I increasingly hear people use the term ‘step change’. Most recently, at a meeting of regional development practitioners, someone called for a ‘step change’ for their floundering and declining region. Others call for a step change in relation to addressing climate change. The use of this term seems prevalent in policy considerations and indicates a need for doing things in radically different ways that catalyse results and impact; that generate radical difference. Wiktionary notes that step change is borrowed from mathematics and technology terminology, from ‘step function’ and defines it as meaning a ‘a sudden, discontinuous change’. This seems markedly similar to the idea of ‘transilience‘ that I recently wrote about. However, in communities where we resist change with every molecule of our beings, I’m curious to know how we do this – how we manage this step from one situation to another one, mindfully. The state, of course, didn’t rise to that challenge when it sent in police to evict a peaceful occupation. The occupy movement is seeking to draw attention to a failing system (implicating both government and corporations) that serves the interests of the extremely wealthy and powerful. The displays of state sanctioned violence and thuggery against peacefully assembled and self-organising citizens seemed to bring that failure into sharp focus.
This has bearing on my current thinking about suburbs and a recognition that within the whole urban system, suburban environments tend to be the most resistant and slowest to change. Suburbs stubbornly persist and protect. In part, that’s the result of a mix of poor property development practices, planning inertia, cultural/consumption biases and sloppy governance. However, step change implies more than just fast tracking, if radical difference is the objective. Our tendency for incrementalism and need for hand holding seems to indicate that some rewiring is necessary due to our recidivism or recline into habit or tradition despite changing circumstances. There was an opportunity for a step change in policing and governance in Melbourne and Sydney this week.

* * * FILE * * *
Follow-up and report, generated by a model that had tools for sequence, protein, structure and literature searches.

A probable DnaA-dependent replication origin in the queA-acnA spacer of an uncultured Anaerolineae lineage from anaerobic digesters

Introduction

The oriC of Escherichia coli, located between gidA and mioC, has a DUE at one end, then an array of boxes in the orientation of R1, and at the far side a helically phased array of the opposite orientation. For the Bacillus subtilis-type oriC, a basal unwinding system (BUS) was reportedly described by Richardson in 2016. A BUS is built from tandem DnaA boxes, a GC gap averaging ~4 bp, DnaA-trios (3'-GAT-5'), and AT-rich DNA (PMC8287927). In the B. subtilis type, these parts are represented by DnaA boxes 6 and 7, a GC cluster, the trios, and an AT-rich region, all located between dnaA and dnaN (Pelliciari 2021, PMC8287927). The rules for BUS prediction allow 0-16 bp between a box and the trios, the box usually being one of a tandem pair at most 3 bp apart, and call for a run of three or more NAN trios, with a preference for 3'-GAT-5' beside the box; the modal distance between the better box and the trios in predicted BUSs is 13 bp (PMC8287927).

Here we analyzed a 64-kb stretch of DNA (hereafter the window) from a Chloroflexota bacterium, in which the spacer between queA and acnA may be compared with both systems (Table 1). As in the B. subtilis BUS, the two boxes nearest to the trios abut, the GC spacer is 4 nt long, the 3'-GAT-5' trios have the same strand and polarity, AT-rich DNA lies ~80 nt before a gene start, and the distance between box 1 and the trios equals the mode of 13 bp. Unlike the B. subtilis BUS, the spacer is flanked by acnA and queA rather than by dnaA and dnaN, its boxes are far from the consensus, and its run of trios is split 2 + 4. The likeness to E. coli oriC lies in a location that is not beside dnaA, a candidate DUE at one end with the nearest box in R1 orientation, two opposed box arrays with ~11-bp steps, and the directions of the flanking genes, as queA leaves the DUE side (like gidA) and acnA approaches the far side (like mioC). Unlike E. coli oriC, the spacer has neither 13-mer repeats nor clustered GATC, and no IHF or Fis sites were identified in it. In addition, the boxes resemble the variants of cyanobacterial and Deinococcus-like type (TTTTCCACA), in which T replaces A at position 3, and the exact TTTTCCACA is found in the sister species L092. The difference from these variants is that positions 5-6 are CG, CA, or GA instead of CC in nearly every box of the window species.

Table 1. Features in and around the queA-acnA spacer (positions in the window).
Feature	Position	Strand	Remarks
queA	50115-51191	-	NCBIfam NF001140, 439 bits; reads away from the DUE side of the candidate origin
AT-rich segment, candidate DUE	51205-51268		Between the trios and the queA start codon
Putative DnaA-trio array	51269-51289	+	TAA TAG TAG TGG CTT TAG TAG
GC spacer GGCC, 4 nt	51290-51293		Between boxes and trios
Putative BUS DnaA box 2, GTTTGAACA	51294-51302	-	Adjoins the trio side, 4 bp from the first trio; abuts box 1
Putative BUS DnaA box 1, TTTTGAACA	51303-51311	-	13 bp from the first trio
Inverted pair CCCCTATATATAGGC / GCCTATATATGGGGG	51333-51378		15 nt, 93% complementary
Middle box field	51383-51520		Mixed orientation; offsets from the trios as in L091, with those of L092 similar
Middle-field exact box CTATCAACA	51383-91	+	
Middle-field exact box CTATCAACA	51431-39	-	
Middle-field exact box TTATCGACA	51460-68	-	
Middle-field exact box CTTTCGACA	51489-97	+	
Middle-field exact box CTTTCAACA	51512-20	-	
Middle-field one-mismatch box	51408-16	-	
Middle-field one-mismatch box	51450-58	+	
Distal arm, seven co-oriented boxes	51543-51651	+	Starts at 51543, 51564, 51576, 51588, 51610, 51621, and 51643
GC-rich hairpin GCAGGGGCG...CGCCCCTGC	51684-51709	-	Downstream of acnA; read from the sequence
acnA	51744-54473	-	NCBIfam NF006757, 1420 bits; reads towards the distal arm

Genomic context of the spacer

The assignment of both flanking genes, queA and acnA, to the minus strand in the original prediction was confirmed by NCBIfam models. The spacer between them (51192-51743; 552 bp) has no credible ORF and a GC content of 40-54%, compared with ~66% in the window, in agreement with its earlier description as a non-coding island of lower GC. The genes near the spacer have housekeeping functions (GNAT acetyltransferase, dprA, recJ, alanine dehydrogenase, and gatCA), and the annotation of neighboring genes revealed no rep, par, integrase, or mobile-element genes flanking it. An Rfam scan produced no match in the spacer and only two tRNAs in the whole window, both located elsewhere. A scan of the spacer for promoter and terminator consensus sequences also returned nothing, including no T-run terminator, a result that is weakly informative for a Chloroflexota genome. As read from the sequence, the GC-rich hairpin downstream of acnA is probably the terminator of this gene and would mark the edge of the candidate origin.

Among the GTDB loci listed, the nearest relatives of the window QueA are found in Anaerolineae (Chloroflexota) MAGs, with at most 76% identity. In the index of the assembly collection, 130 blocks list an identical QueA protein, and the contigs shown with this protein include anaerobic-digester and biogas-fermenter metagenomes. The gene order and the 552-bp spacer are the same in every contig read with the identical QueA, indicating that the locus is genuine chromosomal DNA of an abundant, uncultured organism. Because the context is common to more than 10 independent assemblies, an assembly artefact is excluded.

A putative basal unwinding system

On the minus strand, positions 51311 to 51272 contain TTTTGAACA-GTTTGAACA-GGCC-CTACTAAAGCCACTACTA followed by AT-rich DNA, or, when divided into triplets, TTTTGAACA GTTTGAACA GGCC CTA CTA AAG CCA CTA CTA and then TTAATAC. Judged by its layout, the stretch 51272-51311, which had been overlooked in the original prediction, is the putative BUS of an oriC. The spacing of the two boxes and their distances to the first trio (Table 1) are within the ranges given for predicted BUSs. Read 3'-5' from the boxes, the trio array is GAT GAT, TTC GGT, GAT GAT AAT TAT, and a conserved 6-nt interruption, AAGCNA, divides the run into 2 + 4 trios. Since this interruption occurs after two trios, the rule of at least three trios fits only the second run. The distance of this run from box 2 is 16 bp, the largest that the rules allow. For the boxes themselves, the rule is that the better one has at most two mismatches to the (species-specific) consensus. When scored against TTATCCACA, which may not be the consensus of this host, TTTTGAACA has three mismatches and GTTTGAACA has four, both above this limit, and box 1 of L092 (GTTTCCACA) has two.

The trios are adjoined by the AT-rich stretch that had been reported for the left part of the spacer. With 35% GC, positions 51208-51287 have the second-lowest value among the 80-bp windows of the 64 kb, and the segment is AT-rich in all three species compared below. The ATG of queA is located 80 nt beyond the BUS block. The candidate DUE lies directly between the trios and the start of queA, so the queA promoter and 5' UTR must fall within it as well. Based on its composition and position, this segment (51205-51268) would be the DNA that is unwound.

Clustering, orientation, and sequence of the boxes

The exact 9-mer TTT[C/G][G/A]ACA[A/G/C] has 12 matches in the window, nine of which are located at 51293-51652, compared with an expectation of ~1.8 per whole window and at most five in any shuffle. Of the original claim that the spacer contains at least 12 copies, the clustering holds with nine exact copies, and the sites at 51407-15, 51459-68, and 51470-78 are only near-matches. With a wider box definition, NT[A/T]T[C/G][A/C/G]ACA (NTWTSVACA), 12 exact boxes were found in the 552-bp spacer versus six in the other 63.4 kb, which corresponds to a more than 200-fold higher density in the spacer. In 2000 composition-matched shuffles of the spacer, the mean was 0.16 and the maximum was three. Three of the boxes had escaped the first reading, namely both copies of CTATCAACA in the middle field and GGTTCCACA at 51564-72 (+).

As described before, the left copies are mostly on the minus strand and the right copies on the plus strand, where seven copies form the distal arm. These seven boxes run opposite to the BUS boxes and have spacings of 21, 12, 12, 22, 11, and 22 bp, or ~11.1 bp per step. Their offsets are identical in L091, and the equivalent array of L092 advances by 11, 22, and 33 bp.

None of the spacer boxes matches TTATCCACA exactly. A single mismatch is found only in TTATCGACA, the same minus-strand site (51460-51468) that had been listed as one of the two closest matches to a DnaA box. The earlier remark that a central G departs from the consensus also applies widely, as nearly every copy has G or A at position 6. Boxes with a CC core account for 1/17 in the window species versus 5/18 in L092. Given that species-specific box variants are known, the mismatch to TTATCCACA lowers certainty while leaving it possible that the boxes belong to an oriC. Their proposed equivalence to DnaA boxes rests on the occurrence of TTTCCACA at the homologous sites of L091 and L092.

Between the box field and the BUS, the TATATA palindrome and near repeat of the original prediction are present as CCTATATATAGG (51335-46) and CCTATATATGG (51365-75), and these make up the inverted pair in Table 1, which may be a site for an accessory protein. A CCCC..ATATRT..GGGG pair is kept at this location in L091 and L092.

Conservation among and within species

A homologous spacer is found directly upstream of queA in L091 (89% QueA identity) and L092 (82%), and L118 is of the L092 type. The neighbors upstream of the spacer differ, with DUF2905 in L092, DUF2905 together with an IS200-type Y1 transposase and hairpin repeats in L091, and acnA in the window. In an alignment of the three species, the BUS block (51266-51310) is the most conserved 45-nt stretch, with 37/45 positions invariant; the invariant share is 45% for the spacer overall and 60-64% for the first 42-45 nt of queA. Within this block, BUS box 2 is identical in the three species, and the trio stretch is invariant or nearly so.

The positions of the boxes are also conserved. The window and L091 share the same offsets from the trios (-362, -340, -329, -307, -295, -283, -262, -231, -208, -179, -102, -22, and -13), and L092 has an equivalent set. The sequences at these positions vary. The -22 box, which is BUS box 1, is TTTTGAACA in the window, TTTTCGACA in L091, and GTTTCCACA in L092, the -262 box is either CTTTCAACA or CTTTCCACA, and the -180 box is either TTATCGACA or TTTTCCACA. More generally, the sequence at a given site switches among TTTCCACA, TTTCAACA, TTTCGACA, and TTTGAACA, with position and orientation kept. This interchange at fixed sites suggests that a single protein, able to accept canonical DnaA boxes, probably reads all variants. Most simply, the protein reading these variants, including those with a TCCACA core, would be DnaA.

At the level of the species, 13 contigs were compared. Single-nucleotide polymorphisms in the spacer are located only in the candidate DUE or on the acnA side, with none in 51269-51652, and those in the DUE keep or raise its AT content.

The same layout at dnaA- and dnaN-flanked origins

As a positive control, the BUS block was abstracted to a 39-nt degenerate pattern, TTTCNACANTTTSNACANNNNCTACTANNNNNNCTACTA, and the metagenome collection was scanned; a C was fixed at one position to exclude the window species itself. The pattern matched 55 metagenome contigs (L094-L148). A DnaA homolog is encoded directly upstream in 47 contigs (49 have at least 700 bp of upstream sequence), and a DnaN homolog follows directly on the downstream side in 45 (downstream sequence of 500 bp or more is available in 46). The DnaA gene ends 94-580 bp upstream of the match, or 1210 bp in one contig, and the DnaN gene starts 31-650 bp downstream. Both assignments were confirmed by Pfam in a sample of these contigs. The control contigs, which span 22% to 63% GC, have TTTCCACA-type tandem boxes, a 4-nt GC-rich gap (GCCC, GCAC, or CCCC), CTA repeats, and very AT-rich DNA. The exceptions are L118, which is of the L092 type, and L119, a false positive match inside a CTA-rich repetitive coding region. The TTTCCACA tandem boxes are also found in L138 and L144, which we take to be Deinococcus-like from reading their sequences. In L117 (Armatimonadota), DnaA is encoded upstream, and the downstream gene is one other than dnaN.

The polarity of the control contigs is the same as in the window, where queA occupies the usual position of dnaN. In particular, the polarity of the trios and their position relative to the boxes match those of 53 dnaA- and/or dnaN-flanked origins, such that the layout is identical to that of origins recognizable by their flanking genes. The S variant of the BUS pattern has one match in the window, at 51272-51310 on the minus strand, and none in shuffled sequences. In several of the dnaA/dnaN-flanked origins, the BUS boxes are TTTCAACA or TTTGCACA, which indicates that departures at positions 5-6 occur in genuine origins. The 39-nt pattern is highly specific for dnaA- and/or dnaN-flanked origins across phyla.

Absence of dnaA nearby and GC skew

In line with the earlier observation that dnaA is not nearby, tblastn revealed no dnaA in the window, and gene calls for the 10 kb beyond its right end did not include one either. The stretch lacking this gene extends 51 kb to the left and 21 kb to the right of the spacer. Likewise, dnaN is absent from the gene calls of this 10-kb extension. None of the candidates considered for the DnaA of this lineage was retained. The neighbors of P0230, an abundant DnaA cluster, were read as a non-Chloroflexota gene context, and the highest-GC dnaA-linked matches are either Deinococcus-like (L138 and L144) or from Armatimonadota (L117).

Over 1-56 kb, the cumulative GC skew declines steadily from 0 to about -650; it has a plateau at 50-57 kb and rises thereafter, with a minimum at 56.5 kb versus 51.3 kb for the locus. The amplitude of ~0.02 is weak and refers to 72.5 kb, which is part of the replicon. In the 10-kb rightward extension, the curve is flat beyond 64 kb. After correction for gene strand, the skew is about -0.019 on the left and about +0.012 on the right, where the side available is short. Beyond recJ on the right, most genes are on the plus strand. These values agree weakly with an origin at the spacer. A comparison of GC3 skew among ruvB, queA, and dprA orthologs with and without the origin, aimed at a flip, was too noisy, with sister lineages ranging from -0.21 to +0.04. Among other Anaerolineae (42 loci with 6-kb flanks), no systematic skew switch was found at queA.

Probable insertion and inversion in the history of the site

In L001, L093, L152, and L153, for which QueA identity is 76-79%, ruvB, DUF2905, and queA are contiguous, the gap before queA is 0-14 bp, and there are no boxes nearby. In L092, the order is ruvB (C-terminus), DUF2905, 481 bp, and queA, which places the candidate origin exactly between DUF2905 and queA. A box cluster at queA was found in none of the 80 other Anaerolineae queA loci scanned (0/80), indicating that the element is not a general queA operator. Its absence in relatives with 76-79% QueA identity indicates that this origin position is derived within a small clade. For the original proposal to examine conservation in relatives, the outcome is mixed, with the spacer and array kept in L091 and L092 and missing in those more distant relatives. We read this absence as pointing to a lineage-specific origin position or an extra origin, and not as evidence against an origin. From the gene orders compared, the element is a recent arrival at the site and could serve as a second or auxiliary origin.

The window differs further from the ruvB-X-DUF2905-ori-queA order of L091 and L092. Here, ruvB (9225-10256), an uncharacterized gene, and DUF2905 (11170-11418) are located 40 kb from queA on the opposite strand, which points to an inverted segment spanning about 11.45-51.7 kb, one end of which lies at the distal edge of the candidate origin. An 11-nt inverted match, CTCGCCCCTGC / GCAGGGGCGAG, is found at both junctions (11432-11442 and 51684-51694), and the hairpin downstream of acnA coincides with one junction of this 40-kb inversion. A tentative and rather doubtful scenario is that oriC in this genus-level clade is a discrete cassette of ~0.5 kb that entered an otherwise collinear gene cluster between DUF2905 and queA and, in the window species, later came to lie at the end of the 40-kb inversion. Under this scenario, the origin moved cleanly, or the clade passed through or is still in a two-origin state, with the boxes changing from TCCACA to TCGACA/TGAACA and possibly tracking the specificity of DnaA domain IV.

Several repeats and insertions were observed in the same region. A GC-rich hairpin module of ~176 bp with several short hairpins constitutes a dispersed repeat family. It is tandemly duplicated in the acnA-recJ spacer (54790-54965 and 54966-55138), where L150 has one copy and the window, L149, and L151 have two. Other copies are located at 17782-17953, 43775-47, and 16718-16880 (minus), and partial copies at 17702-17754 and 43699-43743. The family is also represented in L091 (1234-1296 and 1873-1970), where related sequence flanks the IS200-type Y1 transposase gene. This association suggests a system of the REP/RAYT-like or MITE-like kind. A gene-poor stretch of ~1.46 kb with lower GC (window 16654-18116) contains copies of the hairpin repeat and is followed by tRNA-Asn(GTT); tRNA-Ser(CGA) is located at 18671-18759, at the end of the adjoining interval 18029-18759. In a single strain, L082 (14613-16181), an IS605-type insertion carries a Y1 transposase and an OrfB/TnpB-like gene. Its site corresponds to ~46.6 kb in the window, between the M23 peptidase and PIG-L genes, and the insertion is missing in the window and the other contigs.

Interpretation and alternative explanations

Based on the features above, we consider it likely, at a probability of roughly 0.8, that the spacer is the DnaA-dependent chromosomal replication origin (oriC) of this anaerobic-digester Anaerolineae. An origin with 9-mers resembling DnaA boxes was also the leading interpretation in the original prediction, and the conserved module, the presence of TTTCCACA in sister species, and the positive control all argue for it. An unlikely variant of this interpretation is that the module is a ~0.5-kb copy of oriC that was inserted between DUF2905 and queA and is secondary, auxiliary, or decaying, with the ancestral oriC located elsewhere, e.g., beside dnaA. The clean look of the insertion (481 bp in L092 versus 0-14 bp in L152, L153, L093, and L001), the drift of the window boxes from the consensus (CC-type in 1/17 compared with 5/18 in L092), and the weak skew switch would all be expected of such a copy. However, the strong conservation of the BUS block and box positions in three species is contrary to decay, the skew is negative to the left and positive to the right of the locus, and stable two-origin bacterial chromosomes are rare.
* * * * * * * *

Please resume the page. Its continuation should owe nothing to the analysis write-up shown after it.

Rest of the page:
While reading tweets yesterday, I noted an unfamiliar term – system D, also système D. Wikipedia says that “System D (in French, Système D) is a shorthand term that refers back to the French word débrouillard or démerder. The verb se débrouiller means “to untangle”. The verb se démerder means to literally to remove oneself from the shit. The basic theory of System D is that it is a manner of responding to challenges that requires one to have the ability to think fast, to adapt, and to improvise when getting the job done. It has the connotation of getting around the system, managing to accomplish, or breaking the rules.” It seems like a kind of purposeful freestyling and it seems to have great currency in human and community development contexts in Africa. The Timbuktu Chronicles explains that “the basic theory of System D is that it is a manner of responding to challenges that requires one to have the ability to think fast, to adapt, and to improvise when getting the job done … Système D is a common term used in Central Africa referring to adaptable, handy solutions.”
There’s been some rumbling around various design, architecture and art networks about grassroots and DIY urbanism, tensions between the tactical and the improvised, the designed and the assembled. There’s obviously a need to find some new and different languages around this – languages that aren’t so referential to mainsteam urbanist, cultural and design practice – and system d emerges as a frame for ‘quick thinking’, to innovate and work-around immediate problems and obstacles. This idea of system D has an immediacy and agility about it that seems to fit well with the idea of ‘step change’ and prevailing pressures for adaption – it emphasises that in matters of adaptability and change, every moment is potent.